optics set up for BP hunting

Discussion in 'Backpack Hunting' started by M_freeman, Sep 1, 2011.

  1. M_freeman

    M_freeman Well-Known Member

    Aug 10, 2009
    I am on the quest for the ultimate optics gear for backpack hunting, I am new to BP hunting so I am going through the learning curve. I hunt AZ and CA, high desert, the Sierras and foothills. I like the 8x binos because I can hand hold them and there are some nice light weight models. I like the idea of a good spotting scope so I can see into the detail in the brush a mile away. On the other hand when reducing weight you get smaller exit pupils in optics so low light performance suffers. So then is a 62mm-65mm spotter worth the weight vs the compacts? Another thing to consider is maybe going with really high quality 10x binos (save weight vs 15x ) w/tripod and magnification up to 20x on my rifle scope for counting tines, this could eliminate much of the need for a seperate spotting scope. Then there is the option of one optic besides the rifle scope, 15x binos and tripod. A guy can end up with a backpack full of optics and tripods if not careful. With all the experience you guys have, what have you found to be effective and efficient.
  2. dig

    dig Well-Known Member

    Sep 19, 2010
    The Leica Douvids are a great option. 8x12x40 allows for low range hand holding at 8x and tripod use at 12x. Magneseum body makes for relatively light weight. Carry a light weight tripod such as the Outdoorsmans and a doubler or tripler and you are good to go. I sometimes carry a Leupold compact spotting scope as well but not any big, MM ones.
  3. High Country

    High Country Well-Known Member

    Jul 28, 2010
    I've done a bit of backpack hunting and though there are a lot of great choices out there this is what I have found works best for me and where I am looking to upgrade.

    Scope: Leupold VX3 2.5-8x36mm
    Binos: 8x or 10x I have 8x and am always reaching for my buddies 10x. I am currently searching for a good 10x bino.
    Spotting Scope: Something in the 15-45x60mm range works great. I have a 20-60x60mm and much past 40-50x gets pretty hazy. I am interested in checking out Leupold's new SX-1 Ventana 15-45x60mm Angled spotter. It would save me ~6ozs over my current spotter.. Maybe someday I'll get a nice Zeis or Pentax... :D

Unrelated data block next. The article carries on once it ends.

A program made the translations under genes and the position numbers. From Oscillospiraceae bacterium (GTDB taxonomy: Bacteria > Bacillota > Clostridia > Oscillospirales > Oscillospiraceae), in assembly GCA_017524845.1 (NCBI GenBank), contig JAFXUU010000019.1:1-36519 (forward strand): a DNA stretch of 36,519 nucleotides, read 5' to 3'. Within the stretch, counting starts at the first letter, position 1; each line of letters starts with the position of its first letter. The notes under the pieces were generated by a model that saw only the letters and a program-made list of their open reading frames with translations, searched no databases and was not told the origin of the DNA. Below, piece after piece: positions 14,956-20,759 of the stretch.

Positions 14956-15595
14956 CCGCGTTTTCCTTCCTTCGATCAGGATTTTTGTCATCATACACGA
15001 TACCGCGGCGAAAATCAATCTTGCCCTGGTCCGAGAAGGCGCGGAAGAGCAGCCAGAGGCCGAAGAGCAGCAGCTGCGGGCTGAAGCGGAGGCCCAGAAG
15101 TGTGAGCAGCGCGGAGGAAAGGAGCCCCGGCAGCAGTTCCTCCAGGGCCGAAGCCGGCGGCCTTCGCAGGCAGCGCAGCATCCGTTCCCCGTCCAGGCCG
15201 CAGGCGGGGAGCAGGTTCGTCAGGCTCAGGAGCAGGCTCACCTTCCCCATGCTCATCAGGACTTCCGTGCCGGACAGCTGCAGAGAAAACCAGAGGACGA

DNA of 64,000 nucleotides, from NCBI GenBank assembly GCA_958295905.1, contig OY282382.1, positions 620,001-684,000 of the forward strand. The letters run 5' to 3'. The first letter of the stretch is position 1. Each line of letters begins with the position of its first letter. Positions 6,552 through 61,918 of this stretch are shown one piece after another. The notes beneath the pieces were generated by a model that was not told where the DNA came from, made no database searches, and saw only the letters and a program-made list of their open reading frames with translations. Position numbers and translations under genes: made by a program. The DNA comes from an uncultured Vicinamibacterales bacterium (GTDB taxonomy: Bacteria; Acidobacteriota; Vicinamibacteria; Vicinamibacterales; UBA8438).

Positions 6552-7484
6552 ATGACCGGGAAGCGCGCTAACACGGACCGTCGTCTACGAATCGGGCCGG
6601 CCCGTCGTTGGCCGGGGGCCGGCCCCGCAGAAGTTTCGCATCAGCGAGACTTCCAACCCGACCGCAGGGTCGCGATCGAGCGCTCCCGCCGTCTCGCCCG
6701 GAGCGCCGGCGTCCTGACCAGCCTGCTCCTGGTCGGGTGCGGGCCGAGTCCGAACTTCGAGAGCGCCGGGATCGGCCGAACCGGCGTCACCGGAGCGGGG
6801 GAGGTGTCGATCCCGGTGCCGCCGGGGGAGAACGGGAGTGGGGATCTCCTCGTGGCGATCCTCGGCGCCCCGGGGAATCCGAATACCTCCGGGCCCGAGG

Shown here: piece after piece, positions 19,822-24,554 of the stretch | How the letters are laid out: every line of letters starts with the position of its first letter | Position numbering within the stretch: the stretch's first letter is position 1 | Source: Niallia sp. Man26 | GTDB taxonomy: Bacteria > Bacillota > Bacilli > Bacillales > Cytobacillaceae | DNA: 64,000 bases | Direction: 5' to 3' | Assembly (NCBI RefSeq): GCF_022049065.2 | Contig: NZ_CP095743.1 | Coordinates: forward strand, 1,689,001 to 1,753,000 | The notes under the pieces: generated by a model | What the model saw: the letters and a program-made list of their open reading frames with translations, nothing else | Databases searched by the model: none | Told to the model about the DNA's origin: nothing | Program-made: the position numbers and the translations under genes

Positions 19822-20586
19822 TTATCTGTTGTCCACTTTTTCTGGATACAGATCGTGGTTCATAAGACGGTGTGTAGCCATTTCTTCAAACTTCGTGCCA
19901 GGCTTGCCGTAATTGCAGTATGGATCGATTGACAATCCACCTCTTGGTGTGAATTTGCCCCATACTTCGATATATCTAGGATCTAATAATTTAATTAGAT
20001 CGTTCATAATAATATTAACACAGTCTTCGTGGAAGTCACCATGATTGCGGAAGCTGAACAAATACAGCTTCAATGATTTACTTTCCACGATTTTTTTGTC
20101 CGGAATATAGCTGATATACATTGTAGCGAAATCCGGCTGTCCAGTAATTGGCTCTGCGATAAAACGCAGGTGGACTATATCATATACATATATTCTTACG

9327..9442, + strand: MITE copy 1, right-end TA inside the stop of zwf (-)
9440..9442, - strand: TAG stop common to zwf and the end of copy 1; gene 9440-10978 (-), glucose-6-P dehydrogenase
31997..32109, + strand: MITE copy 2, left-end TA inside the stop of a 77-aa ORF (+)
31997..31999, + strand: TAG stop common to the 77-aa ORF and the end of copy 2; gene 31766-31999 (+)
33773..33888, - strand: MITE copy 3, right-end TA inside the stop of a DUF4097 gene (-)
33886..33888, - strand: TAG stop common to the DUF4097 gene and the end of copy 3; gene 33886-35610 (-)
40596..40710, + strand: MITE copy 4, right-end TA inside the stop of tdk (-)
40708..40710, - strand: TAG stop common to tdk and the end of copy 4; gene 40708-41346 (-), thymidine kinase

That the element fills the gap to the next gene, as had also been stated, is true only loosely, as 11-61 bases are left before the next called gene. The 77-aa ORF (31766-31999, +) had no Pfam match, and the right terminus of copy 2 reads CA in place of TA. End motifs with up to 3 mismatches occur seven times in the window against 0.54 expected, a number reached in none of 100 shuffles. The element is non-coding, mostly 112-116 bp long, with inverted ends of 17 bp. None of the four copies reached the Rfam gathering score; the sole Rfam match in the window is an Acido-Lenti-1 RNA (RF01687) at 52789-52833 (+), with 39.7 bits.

Hope that helps...
  4. RDM416

    RDM416 Well-Known Member

    Jan 31, 2005
    + 1 on the 10X binos, for mountain hunting they will perform better for you and are not hard to hold steady. 15X binos are heavy and you will need a tripod or at least shooting sticks. The only experience I have with the 15s are a set of Swarovski's, awesome glass, great field of view, but too heavy for handheld use.

    Personally I carry a pair of either 10X42 SLC Swaro's or 10X32 EL Swaro's, and a 80mm Zeiss spotting scope. The big scope is heavy and while I do like it I kind of wish I had my Swaro 65mm scope back. The big advantage to the 80mm scope is it will adjust to 60X and the 80mm front objective will allow you to resolve detail to a higher power than a 65mm scope. As a general rule I would recommend the 60 or 65mm objective for most applications. The trade off in performance to the 80mm is not worth the extra weight and size for most hunters.

    One option you might consider is what I do if I know I am going into some really extreme country and want to really lighten my load. I carry my 10X32 ELs and a 2X converter. Swarovski makes a 2X converter that can be used with just about any model of Swaro bino. You unscrew one of the exit lenses and screw in the 2X converter and now you have a 20X spotting scope. If you carry a tripod with you can attach them to it and it really makes a pretty good spotting scope. Obviously, shooting sticks will work as well, but you will need one or the other to support them. The 2X converter is small and the weight is so little as to be negligible. This system will not compete with a full blown high quality spotting scope, but it is a good alternative when you are going into country where every ounce is a big deal.